Since May of 2011, AT&T has announced an intent to data cap their DSL subscribers. However a year later this policy has only been implemented in specific "test markets" and not universally . Rates are set at 150gb/month and U-Verse at 250/gb a month with additional overage fees of $10 for every 50 gigabytes beyond the limit. A direct link to their current corporate policy and videos on this can be found here . However it's not what they cost now, it's what they can cost later and what's already happened to countries that have allowed caps to become mainstream.
*AUP in the above image stands for Acceptable Use Policy. Instead of automatic system-enforced penalties, the companies only enforce their policies when they call you up.
Known regions confirmed to be affected by AT&T data caps to us are locations in the southeast US , the midwest , and some specifc areas like Georgia and Las Vegas. Caps have suspiciously been instated first in areas with weak to no competition, while there remain "implementation problems" in others.
An AT&T subscriber discovering that his meter has finally been turned on
The fact that caps have not been implemented universally is a form of price discrimination especially for regions that have been unfortunately singled out as test markets while others continue without the expense. Why should certain towns, cities or states be paying overages for up to a year to date while others do not? Several other providers have also begun following the trend including Suddenlink , Cox, Commspeed , Charter , Comcast(first offender from 2008), and Centurylink , the latter of which is conveniently exempting their own video content from such caps.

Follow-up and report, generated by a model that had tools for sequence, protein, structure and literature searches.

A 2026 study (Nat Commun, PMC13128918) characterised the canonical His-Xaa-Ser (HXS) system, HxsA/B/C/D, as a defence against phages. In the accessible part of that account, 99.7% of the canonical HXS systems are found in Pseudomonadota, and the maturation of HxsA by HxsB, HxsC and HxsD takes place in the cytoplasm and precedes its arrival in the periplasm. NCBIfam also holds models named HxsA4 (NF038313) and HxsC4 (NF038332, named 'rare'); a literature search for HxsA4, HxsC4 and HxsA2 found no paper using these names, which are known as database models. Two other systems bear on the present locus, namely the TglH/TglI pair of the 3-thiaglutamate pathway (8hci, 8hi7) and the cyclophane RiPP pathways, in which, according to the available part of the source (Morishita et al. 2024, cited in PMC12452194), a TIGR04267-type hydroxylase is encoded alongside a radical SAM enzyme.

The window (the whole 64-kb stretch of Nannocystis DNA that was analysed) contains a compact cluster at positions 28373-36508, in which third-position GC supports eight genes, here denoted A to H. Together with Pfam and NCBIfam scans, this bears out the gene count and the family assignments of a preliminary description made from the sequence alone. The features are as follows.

Update (3/1/2012). Bernstein Research analyst Craig Moffett wrote in a research note to his investor clients “Over a period of years, as the market becomes more accustomed to (usage-based pricing), we expect these plans to become the rule rather than the exception,” . Time Warner Cable was also one of the original attempters of an internet overcharging scheme in 2009 in Beaumont, Texas before local residents and StopTheCap put an end to it. They have not been named in the above image because they haven't followed suit....YET. The time to act before it's too late is now.
Another problem is that while attention is focused on mobile unlimited throttling, relatively little attention is being paid to landline caps spreading across the country. However many smartphone users already know to save money by using data on wi-fi whenever possible. However that "saving money", may soon end up costing far more than what mobile fees currently are when that wi-fi data starts putting every landline connected wi-fi router into overage territory too.
The World Broadband Foundation in collaboration with local consumer group Stop AT&T from Bandwidth Capping are also leading an open investigation into which regions have already been capped, and most importantly are without options. We are calling for information and submissions to help build a comprehensive picture of the problem and if possible stop the spread of metering any further. Caps are not just bad for the American quality of life, they are also bad for the American economy. They will affect the ability of Americans to execute on their ideas, and the ability to continue to out-think and out-compete the rest of the world.
We also join the New America Foundation and Public Knowledge along with musicians represented by The Future Of Music in asking the the FCC to investigate caps further and support revised renewal of the anti-metered billing bill introduced two years ago.
Petition to Stop Bandwidth Capping on change.org - http://www.change.org/petitions/stop-data-capping
Stop AT&T from Bandwidth Capping, a Facebook Consumer Group - http://www.facebook.com/groups/186439608067383/
The US Data Cap Investigation Project - http://www.worldbroadbandfoundation.org/content/us-data-cap-investigation